The majority of email spam on the Internet originates from forged addresses because SMTP allows any computer to send emails claiming to be from anyone.
For instance, a spammer can put your email address in the “From” field when sending out bulk emails and the recipients may therefore incorrectly assume that the mail is coming from you. If any of them chooses to report that spoofed message as spam, its your email address that will be affected in the long run.
To prevent spammers from forging the “From” field of their bulk messages with your email address, you can consider using a validation system like SPF (short for Sender Policy Framework). It basically allows the email recipients to verify that the server sending the email is authorized to send email on behalf of the domain that is found in the sender’s email address.
Let me explain. If the IP address of my mail server is 18.104.22.168, I can add an SPF record to my web domain saying that all messages coming from this particular IP address. ISPs can match the mail server address mentioned in my domain’s SPF record against the one present in my emails and accordingly pass or bounce messages to their customers.
Let’s say you have a Google Apps domain at xyz.com and you are using the Gmail service for your incoming and outgoing email.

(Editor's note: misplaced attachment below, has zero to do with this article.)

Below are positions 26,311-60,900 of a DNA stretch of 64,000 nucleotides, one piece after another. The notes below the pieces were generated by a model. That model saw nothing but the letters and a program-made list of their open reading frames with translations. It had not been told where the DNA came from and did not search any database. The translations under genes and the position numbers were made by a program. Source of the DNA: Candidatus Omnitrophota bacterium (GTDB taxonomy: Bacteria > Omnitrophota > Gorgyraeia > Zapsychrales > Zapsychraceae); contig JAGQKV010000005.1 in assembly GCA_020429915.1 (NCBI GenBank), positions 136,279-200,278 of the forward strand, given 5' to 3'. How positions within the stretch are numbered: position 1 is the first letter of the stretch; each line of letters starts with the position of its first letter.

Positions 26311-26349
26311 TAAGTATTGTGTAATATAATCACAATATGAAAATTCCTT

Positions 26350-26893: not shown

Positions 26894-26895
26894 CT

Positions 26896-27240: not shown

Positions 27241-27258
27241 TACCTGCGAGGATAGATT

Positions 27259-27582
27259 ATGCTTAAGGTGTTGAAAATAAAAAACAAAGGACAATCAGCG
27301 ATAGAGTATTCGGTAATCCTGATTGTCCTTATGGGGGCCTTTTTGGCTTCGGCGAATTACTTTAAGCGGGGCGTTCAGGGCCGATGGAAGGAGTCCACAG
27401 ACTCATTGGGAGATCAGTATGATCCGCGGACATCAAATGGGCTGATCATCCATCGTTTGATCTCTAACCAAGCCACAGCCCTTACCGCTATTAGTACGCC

v=spf1 include:_spf.google.com ~all
Save the changes and this new DNS record should propagate across the Internet within the next few hours. If you are interested in the technical details, here they are are:
The entry _spf.google.com means that any server that is allowed to send mail from the IP addresses of Google Apps mail servers is also allowed to send mail from labnol.org. The ~all directive means that email messages that are not sent from an approved server should still be accepted but may be subjected to greater scrutiny.
How to Check SPF Records of your Google Apps Domain
To ensure that your SPF record has been successfully added to your web domain, open your command prompt - go to Windows Start Menu -> Run and type cmd.
Nex run the nslookup command for your Google Apps Domain as shown below:
c:> nslookup c:> set query=txt c:> xyz.com (replace xyz.com with your Google Apps domain name)
If the answer contains the google.com string that you have added in the previous step, it indicates that SPF is successfully enabled for your Google Apps / Gmail.
Verify SPF Records with an Email Message
Finally, to verify that your SPF record is live and working, just send a blank email message to firstname.lastname@example.org and email@example.com from your Gmail address.
You’ll get an instant reply with the results of the SPF check. If you see a “pass” against the SPF check, that means things are in place and it should prevent your Gmail messages from getting rejected as spam because now the recipient can distinguish forged emails from the real ones with a simple check.